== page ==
• Inadequate transmission capacity remains a significant barrier to further development, with nearly 300,000 MW of wind capacity held up in a pipeline bottleneck due to transmission limitations.

Geothermal Power:

  • Geothermal power is twice as expensive as Solar Power and three times as expensive as Wind Power. This discrepancy is mainly due to the comparative difficulty in cultivating Earth´s heat – deep drilling is expensive and no new, viable cultivation methods figure to make a splash anytime soon.
  • To be both usable and economical a drilling site must have hot magma near the surface, an adequate volume of relatively pure hot water or steam, a surface water source for cooling equipment, and close proximity to power transmission lines. So, even in promising areas, economically usable sites are few and they are difficult to locate.
  • Private investing in Geothermal Energy ranked 8th among Cleantech sectors in 2009 and hasn´t placed in the top five in the last decade.

Preservation of Enterprise Value

During the Internet/Technology meltdown and the recent financial crisis of 2008-09, Gerbsman Partners maximized enterprise value for under-performing, under-valued and under-capitalized VC technology, life science and medical device companies and their Intellectual Property through:

  • The stabilization, wind down/orderly shut down of 60 companies through the sale, M&A or joint venture of the company’s Intellectual Property.
  • The termination/restructuring of over $ 790 million of prohibitive real estate, equipment lease and/or sub-debt obligations.
  • Crisis Management services that minimized potential stakeholder exposure and insured that management, stakeholders and Board of Directors met their fiduciary obligations.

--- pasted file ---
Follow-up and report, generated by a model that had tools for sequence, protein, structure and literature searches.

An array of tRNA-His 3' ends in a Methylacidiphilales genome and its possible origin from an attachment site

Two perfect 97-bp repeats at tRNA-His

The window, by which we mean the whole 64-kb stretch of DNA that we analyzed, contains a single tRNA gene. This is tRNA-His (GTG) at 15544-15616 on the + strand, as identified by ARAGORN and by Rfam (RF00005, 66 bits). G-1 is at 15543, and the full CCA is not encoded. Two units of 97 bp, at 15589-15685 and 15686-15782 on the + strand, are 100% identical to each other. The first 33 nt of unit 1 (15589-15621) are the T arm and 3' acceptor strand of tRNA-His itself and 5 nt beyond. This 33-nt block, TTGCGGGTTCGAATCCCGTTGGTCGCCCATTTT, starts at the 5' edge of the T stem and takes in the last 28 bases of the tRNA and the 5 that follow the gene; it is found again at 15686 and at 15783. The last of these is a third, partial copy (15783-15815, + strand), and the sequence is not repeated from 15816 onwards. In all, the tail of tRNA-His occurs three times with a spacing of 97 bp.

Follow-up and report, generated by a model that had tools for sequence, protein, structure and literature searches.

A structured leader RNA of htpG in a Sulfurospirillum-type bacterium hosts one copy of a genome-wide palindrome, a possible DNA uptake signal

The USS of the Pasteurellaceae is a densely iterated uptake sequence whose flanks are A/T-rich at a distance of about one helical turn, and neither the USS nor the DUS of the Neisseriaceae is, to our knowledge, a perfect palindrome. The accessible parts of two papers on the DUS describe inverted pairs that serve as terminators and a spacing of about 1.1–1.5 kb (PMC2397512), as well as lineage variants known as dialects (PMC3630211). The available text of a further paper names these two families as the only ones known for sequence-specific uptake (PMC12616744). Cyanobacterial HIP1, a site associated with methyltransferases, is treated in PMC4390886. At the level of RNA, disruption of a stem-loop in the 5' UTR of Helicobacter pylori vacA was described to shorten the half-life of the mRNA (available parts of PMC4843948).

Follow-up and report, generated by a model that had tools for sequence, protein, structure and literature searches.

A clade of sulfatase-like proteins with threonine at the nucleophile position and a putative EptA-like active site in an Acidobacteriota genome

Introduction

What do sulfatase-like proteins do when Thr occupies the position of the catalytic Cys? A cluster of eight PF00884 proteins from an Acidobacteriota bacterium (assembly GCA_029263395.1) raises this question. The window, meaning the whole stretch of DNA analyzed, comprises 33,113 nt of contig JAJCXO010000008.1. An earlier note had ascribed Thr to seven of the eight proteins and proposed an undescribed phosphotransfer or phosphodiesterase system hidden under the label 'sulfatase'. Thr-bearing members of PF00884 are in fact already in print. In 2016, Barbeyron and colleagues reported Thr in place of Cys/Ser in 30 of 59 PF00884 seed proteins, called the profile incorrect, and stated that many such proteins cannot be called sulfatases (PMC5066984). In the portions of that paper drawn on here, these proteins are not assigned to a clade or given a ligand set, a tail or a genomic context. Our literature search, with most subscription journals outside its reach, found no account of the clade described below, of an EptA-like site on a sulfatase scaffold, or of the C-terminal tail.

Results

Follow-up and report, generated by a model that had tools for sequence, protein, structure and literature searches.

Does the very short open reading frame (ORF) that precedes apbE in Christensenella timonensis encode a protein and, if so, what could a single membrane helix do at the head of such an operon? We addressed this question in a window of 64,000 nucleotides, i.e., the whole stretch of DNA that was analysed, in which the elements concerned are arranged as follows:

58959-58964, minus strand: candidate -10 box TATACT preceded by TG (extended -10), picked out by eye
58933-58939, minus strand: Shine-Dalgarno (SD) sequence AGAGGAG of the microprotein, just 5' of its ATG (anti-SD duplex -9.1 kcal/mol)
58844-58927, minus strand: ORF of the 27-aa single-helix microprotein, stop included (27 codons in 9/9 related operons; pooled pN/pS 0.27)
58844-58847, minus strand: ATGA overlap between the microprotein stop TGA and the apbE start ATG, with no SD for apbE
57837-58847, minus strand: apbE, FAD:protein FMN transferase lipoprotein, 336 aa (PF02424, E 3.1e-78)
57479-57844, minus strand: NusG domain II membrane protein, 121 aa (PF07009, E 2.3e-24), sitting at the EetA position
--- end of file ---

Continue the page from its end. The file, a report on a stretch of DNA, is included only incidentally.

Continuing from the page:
In January 2010, Gerbsman Partners again identified similar characteristics in the Cleantech arena.

Domain Expertise – Cleantech

Gerbsman Partners marketing, research and focus in the Cleantech sector includes organizing meetings and establishing relationships with leading Manufacturers, Service Providers, Developers and Equity Investors. As a result, Gerbsman Partners has significant Domain Expertise in the Cleantech area.

Besides describing the current status of the Solar Power, Smartgrid, Geothermal and other Cleantech markets, our research has uncovered a number of challenges in the Cleantech industry.

Examples Include:

  • The oversaturation of the Solar Panel and Energy Efficient Lighting markets, where previously thriving products became so cheap to produce that the resulting oversupply set off a chain of mergers and bankruptcies for companies manufacturing them (Former success stories OptiSolar and SunEdison chief among them).
  • The price of natural gas remains at an all-time low. Historically, when natural gas prices are low, investment and research within Cleantech plummet substantially, as was the case in ´09.
  • Cleantech relies heavily on government funding. The US Government provided $67 billion in stimulus money, loan guarantees and grant programs to renewable industry in 2009. While the funding helped with the lack of private money, there is no guarantee that the government´s aid is sustainable in the current economic environment.

Gerbsman Partners and its Board of Intellectual Capital are available, if appropriate, to strategize and develop action plans for maximizing value of challenging Intellectual Property based technology, life science, medical device and now Cleantech companies.

About Gerbsman Partners

Gerbsman Partners focuses on maximizing enterprise value for stakeholders and shareholders in under-performing, under-capitalized and under-valued companies and their Intellectual Property. In the past 60 months, Gerbsman Partners has been involved in maximizing value for 60 Technology and Life Science companies and their Intellectual Property and has restructured/terminated over $790 million of real estate executory contracts and equipment lease/sub-debt obligations. Since inception, Gerbsman Partners has been involved in over $2.3 billion of financings, restructurings and M&A transactions.

Gerbsman Partners has offices and strategic alliances in Boston, New York, Washington, DC, Alexandria, VA, San Francisco, Europe and Israel.

For more information, please contact Steven R. Gerbsman at: steve@gerbsmanpartners.com

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Here is some interresting thoughts from CNET.

“With investors getting smarter and start-ups getting bought, the mood is brightening in green tech. But the high-profile companies seeking to go public this year have some industry watchers talking bubbles.